my prudence, policy,
and discretion. I have a zeal at
my
heart for
my country
and her
friends,
which I cannot smother or conceal
;
it
will burn out at times and in
companies
where it
ought
to
be latent in
my
breast. This zeal will
prove
fatal to the
fortune and
felicity
of
my family,
if it is not
regulated by
a cooler
judgment
than mine has hitherto been. Colonel
Otis's
phrase
is,
"
The
zeal-pot
boils over."
I am to wait
upon
brother
Bradbury
to
meeting
to-
day,
and to dine with brother
Wyer.
When I shall
get
home,
I know
not,
but if
possible,
it shall be before next
Saturday night.
I
long
for that time to
come,
when
my
dear wife and
my charming
little
prattlers
will embrace
me. Your JOHN ADAMS.
12. ABIGAIL ADAMS.
Braintree,
15
August,
1774.
I KNOW not where this will find
you,
1
whether
upon
the road or at
Philadelphia,
but wherever it
is,
I
hope
it
will find
you
in
good
health and
spirits.
Your
journey,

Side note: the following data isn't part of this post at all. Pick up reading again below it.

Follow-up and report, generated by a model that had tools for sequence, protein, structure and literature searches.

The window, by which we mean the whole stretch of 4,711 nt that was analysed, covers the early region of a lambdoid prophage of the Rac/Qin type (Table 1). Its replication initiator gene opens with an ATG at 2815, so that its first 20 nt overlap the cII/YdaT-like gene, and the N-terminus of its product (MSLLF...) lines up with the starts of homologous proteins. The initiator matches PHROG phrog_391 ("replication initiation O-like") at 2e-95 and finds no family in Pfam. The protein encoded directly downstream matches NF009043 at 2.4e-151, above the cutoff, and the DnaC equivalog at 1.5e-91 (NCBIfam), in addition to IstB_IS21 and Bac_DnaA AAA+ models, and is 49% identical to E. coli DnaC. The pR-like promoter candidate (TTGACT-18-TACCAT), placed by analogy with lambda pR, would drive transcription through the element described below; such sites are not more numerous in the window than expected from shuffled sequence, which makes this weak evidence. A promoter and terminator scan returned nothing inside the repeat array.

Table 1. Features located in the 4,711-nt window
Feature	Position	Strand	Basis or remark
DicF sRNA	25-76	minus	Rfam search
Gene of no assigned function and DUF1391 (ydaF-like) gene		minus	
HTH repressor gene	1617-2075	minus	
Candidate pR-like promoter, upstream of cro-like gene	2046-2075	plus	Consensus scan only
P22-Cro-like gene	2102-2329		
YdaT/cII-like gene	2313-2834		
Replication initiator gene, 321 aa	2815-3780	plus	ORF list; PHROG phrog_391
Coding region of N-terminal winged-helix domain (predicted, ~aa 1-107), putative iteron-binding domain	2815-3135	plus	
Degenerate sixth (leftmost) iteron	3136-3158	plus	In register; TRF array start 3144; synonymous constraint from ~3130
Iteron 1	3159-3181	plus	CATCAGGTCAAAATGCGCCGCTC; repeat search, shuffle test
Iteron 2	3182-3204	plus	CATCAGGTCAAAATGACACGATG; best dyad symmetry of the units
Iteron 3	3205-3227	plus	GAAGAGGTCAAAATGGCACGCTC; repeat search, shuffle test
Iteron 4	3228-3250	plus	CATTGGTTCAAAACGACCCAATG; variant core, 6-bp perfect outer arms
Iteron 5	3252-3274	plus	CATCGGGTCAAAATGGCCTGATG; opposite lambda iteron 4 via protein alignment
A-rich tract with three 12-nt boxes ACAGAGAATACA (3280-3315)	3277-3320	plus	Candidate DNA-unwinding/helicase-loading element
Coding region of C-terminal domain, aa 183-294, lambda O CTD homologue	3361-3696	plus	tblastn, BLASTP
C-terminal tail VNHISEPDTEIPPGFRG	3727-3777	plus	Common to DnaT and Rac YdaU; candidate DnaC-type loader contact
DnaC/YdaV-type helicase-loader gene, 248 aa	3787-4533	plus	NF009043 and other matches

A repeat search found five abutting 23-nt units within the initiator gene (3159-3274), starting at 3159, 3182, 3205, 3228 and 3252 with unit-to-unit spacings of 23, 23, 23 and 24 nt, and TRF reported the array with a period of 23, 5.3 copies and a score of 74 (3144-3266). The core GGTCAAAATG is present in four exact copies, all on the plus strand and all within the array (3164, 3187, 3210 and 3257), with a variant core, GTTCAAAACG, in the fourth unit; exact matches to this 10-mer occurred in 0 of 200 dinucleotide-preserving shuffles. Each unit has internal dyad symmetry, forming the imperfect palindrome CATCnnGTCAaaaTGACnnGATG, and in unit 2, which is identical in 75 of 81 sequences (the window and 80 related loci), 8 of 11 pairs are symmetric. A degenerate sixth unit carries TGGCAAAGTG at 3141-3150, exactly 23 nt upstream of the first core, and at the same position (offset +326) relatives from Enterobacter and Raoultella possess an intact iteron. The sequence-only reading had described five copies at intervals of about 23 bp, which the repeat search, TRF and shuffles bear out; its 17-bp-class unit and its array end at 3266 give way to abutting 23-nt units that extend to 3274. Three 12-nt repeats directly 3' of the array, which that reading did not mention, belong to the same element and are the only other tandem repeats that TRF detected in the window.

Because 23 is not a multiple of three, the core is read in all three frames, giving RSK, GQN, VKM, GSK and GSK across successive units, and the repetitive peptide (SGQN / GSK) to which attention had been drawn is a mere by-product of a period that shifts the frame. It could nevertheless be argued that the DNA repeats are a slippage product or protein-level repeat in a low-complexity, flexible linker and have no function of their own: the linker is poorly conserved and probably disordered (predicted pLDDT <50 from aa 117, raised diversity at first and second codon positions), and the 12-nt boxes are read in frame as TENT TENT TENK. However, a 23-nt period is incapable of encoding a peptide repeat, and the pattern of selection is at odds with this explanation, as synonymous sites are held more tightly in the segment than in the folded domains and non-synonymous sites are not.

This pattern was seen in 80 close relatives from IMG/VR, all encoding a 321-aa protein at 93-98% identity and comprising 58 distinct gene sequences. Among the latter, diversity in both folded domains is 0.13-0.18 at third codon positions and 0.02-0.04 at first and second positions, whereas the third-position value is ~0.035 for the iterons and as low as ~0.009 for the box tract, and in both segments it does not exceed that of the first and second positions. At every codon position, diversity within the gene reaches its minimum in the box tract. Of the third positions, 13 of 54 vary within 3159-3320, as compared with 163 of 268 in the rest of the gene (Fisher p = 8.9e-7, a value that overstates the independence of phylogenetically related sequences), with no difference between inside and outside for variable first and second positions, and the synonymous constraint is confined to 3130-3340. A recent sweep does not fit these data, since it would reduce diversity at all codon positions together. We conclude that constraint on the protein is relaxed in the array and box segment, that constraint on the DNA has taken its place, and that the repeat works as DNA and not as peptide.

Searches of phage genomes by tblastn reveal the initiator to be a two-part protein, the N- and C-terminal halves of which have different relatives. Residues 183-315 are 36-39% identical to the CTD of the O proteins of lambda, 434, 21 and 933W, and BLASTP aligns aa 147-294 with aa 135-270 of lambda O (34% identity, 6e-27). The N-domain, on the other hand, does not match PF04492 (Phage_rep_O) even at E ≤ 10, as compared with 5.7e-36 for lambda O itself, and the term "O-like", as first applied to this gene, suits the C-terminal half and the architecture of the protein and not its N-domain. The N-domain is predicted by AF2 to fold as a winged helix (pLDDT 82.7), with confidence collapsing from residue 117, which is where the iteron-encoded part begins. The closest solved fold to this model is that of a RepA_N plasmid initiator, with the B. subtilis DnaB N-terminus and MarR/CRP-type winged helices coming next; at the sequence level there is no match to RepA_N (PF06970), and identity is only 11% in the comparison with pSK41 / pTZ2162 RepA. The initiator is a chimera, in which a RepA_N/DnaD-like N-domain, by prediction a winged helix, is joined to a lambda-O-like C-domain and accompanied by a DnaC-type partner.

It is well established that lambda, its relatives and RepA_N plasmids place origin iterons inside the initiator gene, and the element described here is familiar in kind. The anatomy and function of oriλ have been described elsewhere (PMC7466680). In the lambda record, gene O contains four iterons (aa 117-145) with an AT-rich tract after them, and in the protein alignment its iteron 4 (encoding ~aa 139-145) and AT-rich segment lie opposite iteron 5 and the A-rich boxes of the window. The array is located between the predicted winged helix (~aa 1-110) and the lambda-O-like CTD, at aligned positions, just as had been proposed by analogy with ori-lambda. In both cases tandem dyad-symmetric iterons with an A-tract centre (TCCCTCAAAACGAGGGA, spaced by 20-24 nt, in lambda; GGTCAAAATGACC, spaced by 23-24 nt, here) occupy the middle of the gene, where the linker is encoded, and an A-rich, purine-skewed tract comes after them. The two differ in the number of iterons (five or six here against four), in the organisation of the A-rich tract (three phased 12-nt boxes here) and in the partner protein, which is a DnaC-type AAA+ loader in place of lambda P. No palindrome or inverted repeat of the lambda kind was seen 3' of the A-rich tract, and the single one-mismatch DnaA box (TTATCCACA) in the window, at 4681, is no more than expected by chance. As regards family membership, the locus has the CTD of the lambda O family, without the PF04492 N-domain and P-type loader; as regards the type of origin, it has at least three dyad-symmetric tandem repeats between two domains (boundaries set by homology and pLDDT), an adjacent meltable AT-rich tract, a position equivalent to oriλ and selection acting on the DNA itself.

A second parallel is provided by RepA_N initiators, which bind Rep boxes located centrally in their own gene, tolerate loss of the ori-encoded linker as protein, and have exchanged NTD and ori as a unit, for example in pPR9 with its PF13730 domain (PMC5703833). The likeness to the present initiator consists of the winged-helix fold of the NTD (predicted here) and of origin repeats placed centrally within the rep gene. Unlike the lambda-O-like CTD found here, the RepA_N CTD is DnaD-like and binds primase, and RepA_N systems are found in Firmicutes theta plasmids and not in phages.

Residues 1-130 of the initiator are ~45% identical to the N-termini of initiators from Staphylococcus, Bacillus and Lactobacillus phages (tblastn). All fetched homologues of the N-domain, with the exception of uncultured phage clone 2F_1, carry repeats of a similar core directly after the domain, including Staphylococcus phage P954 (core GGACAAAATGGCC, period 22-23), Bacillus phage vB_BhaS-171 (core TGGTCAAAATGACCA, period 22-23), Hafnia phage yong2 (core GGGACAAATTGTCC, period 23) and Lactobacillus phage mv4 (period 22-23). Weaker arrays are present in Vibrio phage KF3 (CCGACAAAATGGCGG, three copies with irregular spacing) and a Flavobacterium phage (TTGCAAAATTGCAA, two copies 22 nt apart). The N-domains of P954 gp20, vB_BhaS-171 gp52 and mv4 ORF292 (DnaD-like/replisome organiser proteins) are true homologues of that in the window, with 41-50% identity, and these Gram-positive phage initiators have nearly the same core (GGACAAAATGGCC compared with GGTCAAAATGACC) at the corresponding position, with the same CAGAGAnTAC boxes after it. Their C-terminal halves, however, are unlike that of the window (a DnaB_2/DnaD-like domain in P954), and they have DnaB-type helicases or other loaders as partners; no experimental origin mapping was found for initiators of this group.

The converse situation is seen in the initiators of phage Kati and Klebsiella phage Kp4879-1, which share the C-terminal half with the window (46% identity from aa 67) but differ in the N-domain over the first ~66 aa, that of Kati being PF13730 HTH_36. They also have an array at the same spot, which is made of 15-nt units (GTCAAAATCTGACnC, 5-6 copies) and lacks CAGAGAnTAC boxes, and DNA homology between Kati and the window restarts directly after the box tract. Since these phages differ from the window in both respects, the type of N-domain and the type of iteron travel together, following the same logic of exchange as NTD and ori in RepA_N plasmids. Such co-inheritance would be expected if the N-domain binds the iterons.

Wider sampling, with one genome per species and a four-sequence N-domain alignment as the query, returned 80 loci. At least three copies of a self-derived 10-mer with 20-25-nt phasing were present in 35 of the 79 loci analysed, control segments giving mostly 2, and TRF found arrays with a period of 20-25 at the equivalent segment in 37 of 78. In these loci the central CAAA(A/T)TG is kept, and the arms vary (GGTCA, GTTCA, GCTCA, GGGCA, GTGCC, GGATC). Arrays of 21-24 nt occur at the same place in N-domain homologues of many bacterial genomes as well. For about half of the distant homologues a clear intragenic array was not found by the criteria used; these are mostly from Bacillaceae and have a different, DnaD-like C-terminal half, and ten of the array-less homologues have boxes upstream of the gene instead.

I
imagine,
must have been
very
tedious from the extreme
heat of the weather and the dustiness of the roads. We
are burnt
up
with the
drought, having
had no rain since
you
left
us,
nor is there the least
appearance
of
any.
I was much
gratified upon
the return of some of
your
friends from
Watertown,
who
gave
me an account of
your
social dinner and
friendly parting. May your
return merit
and meet with the
grateful acknowledgments
of
every
well-wisher to their
country.
Your task is difficult and
important.
Heaven direct and
prosper you.
I find from
in
impeachment
of the Chief
Justice,
Oliver,
the admissions of
Judge
1 row-
bridge,
when
consulted,
largely
contributed to a confirmation of his
policy.
The
Judge
lost his
place
on the
bench,
but he remained otherwise
unharmed,
Mid
died at
Cambridge
in 1793
l
On the 10th of this month Mr. Adams had started in
company
with the
Jther
delegates,
and a
great popular escort,
from Boston for
Philadelphia.
24 FAMILIAR LETTERS.
| August,
Mr. A
r,
of B
r,
1
that the Chief Justice is deter-
mined to take his seat and that the court shall
proceed
to
business if
possible
;
even
though
the sheriff should be
obliged
to return no other but the late addressers. He
talks as he